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The Jazz Singer

by The Staff on July 25, 2013

 

It wasn’t the first all-talking feature, and it wasn’t even Warner Bros.’ (or star Al Jolson’s) biggest hit from the dawn of sound, but it’s an essential American film. The Jazz Singer originally electrified audiences, and has stayed in our cultural imagination, because it showed how exciting and dramatic sound could be in a motion picture.

Jolson, here with Eugenie Besserer in the film’s most memorable “talking” scene, was the biggest star of the era, and it’s his energy and penchant for big emotions that puts it all over. (In case you’ve never heard of him, he was quite a singer, too.) It’s also a quintessentially American story of assimilation, with the younger generation in conflict with their parents over changing values and cultural differences.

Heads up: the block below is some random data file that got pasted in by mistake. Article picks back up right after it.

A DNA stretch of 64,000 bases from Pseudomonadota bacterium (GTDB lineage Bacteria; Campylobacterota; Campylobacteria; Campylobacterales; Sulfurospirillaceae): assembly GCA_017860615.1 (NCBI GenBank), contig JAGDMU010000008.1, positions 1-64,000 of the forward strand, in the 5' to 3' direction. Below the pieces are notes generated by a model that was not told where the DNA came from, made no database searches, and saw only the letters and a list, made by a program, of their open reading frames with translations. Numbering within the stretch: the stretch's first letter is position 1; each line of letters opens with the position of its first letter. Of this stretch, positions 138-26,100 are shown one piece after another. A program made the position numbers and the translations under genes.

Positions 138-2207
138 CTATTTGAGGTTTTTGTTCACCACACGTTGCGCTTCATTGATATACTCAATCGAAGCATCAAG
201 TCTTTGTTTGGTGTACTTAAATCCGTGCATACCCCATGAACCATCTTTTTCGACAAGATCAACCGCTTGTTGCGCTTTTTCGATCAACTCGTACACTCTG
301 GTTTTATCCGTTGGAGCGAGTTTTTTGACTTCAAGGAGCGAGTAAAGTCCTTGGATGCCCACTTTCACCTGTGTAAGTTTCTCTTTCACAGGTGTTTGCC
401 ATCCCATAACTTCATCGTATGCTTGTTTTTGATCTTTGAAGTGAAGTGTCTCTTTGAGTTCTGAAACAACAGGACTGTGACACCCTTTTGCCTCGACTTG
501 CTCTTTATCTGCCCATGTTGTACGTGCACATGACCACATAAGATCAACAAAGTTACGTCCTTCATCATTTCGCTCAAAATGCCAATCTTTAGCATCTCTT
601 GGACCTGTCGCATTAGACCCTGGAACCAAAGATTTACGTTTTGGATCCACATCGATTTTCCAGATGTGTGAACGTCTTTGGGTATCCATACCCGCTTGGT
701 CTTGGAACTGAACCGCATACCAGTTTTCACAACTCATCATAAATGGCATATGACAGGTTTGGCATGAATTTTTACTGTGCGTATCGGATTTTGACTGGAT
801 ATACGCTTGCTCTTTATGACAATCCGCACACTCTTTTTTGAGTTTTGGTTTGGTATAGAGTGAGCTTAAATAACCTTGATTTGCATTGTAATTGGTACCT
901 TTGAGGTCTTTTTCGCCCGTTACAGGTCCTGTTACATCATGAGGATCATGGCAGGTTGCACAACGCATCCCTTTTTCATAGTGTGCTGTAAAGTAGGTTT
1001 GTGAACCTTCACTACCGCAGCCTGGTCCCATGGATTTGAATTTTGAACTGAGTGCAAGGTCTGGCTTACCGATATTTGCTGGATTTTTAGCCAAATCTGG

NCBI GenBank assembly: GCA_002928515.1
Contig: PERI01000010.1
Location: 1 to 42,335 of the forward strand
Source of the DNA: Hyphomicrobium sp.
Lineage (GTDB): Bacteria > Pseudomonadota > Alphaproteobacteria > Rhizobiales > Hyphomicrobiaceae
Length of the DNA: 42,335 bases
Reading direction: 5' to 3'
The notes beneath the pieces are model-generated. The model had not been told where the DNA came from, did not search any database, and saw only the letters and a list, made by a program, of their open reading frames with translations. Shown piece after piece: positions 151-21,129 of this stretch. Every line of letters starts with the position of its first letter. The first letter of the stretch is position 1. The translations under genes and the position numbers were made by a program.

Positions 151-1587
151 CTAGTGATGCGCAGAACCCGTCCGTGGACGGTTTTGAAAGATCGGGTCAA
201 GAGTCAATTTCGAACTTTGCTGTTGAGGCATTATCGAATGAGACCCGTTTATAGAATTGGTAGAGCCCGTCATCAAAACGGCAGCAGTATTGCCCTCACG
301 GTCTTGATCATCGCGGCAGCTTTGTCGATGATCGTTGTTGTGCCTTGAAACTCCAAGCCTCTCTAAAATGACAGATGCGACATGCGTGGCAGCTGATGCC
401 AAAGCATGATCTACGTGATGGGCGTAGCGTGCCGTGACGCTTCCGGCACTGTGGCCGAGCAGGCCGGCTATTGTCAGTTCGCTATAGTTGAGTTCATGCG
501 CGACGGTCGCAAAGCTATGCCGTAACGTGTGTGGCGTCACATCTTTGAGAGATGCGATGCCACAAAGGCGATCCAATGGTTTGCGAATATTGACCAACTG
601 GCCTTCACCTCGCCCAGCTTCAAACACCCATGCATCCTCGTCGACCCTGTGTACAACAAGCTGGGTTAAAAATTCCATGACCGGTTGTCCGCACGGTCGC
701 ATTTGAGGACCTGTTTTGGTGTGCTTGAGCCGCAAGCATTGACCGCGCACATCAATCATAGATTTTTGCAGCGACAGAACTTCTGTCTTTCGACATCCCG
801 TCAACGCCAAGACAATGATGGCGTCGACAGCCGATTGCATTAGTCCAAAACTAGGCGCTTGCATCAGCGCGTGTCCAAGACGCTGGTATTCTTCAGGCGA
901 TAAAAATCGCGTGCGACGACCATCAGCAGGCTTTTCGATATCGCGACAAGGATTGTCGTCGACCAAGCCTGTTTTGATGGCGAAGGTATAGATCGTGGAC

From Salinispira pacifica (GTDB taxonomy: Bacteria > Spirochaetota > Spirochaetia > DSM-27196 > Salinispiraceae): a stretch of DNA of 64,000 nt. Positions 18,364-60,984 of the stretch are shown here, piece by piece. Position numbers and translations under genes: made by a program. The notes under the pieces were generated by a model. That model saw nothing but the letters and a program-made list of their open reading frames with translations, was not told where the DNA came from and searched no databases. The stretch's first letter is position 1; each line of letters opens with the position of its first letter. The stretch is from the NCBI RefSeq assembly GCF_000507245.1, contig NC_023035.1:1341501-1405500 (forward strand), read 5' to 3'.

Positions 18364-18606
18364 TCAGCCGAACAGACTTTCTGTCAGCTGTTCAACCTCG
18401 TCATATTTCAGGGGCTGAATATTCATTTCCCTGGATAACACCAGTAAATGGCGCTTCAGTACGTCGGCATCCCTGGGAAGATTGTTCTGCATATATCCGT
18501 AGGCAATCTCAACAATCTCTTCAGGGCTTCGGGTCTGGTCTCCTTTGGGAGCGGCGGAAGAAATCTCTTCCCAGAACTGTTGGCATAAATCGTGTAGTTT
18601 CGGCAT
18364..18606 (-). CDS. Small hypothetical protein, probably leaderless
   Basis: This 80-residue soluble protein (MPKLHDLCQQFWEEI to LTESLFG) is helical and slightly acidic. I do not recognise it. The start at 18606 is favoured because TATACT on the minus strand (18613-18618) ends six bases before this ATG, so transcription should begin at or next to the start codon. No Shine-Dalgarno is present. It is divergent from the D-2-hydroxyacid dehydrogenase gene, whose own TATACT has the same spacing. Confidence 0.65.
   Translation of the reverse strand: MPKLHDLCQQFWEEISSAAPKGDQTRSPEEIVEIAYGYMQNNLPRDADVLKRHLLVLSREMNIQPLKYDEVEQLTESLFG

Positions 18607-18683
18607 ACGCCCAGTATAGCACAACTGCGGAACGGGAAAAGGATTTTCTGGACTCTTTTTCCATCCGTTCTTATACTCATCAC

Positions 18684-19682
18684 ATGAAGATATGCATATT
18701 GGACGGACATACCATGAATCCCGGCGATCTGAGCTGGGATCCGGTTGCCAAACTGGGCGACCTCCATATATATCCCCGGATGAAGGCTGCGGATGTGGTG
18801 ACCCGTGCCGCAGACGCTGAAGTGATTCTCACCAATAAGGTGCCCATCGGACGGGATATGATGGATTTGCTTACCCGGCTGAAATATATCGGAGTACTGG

One final note: In a few big scenes, Jolson performs in blackface. This was a convention of that era’s show business. Just so you know.

The Jazz Singer will be screened Monday (July 29) at 3, 5, and 7:30 PM as part of the AFI 100 Film Series on the Mainstage at Proctors (432 State St., Schenectady). Tickets are $5. For more info, call 346-6204.